Below is the TOP SECRET, now declassified, document that ordered the first
use of the atomic bomb.
25 July 1945
TO: General Carl Spaatz
United States Army Strategic Air Forces
1. The 509 Composite Group, 20th Air Force will deliver its first special
bomb as soon as weather will permit visual bombing after about 3 August 1945
on one of the targets: Hiroshima, Kokura, Niigata and Nagasaki. To carry military
and civilian scientific personnel from the War Department to observe and record
the effects of the explosion of the bomb, additional aircraft will accompany
the airplane carrying the bomb. The observing planes will stay several miles
distant from the point of impact of the bomb.
2. Additional bombs will be delivered on the above targets as soon as made
ready by the project staff. Further instructions will be issued concerning targets
other than those listed above.
3. Discussion of any and all information concerning the use of the weapon
against Japan is reserved to the Secretary of War and the President of the United
States. No communiques on the subject or releases of information will be issued
by Commanders in the field without specific prior authority. Any news stories
will be sent to the War Department for specific clearance.
4. The foregoing directive is issued to you by direction and with the approval
of the Secretary of War and of the Chief of Staff, USA. It is desired that you
personally deliver one copy of this directive to General MacArthur and one copy
to Admiral Nimitz for their information.
(Sgd) THOS. T. HANDY
THOS. T. HANDY
Acting Chief of Staff
It is important to note that this document does not order any protection
for the civilian population. It does not specify that only military sites be
targeted. It does order the bombing of commercial, industrial, and residential
areas, including schools, churches, and hospitals. The U.S. rules of engagement
now are basically the same as they were sixty years ago, on August 6, 1945.
The targeting of cities, which are large population centers, continues today.
The pattern of slaughtering civilians remains unchanged. Victims of U.S. bombing
campaigns during the last 60 years include civilians in China, Guatemala, Indonesia,
Cuba, Congo, Peru, Laos, Vietnam, Cambodia, Grenada, Libya, El Salvador, Nicaragua,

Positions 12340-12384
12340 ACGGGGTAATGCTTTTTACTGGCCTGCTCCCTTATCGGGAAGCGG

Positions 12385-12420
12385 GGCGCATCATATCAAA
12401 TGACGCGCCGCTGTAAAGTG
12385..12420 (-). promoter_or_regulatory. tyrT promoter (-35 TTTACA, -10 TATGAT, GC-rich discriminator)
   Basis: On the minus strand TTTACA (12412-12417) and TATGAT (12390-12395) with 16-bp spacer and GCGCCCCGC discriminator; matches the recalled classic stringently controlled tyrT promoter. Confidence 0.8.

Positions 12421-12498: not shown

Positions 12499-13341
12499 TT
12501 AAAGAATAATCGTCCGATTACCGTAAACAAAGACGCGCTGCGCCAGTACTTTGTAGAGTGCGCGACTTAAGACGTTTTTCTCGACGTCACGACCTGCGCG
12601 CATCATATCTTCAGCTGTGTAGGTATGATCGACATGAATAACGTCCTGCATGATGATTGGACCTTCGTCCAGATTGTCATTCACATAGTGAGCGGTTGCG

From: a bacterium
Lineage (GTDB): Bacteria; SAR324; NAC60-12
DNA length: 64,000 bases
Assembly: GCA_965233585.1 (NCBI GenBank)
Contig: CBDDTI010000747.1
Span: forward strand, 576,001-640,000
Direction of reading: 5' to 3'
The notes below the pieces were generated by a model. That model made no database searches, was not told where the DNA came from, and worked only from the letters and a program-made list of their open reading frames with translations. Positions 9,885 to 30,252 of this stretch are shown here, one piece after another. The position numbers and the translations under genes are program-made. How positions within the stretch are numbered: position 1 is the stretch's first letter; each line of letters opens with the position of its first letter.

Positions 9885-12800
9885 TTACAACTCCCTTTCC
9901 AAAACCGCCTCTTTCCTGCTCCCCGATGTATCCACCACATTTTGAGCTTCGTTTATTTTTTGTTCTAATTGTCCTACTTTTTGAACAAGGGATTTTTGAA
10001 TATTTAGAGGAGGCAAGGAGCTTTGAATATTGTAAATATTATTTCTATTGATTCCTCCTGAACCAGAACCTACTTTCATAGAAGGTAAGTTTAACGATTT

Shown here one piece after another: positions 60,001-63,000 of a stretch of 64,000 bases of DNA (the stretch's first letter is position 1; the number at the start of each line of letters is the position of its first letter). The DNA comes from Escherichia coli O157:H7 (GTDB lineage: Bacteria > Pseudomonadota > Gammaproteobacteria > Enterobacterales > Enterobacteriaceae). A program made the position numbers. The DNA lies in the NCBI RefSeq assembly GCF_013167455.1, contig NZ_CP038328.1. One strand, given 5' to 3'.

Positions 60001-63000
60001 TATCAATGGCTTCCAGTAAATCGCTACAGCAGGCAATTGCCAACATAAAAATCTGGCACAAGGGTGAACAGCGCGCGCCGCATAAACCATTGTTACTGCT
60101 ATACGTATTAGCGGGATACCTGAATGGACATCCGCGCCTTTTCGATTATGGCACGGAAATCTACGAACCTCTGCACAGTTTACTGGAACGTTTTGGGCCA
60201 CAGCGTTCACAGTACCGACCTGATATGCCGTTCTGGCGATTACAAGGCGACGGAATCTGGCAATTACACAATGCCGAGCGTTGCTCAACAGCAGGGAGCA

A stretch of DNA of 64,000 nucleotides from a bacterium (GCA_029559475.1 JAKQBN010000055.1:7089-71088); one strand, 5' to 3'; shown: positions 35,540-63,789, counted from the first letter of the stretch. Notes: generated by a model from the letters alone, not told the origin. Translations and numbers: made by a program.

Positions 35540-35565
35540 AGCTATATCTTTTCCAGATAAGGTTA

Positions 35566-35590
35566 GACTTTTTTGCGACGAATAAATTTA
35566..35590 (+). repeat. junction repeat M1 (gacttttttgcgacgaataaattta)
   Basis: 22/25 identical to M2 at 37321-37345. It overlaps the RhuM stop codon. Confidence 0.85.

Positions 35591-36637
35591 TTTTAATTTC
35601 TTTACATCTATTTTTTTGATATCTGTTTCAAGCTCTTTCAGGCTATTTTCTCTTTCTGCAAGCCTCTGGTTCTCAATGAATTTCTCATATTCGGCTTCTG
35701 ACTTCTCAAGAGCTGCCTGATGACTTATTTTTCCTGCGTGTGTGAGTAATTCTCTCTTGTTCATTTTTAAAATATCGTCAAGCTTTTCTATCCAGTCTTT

Panama, Iraq, Sudan, Afghanistan, and Yugoslavia. Lancet estimates that more
than 100,000 civilian deaths have resulted from the U.S. military campaign in
Iraq. Now, as the war and occupation continue, the deaths of civilians continue.
No nation that has a history of such irresponsible use of any weapon system
should remain unchallenged. The citizens of the U.S. must bring their government
into compliance with International Law. Provisions of the Geneva Convention
clearly prohibit the targeting of civilian populations. The use of WMD's against
civilians is not an accident. History shows that it has been a deliberate, planned,
consistent U.S. policy for more than 60 years. Cluster bombs, land mines, and
the fire bombing strategy of shock and awe type campaigns are designed to terrorize
the civilian population. The U.S. bombing of Iraq has occurred on a regular
basis since 1991.
The deaths caused by the illegal, genocidal blockade of Iraq far outnumber
the deaths at Hiroshima and Nagasaki. This is not meant to trivialize the deaths
in Japan, but rather to show that the policy of using civilian deaths as a strategy
of war continues to this day.
In May of 1996, on 60 Minutes, UN Ambassador Madeleine Albright stated that
the deaths of a half million Iraqi children was "worth it". The Ambassador's
statement has been heard around the world and, in part, explains why they hate
us. Is there a U.S. citizen anywhere who would not be offended if someone from
another country said that a half million of our children should be sacrificed
for their political/economic agenda?
Perhaps the best way to honor the victims of Hiroshima and Nagasaki would be
to challenge the U.S. policy, as stated by Albright, that the deaths of children
are "worth it".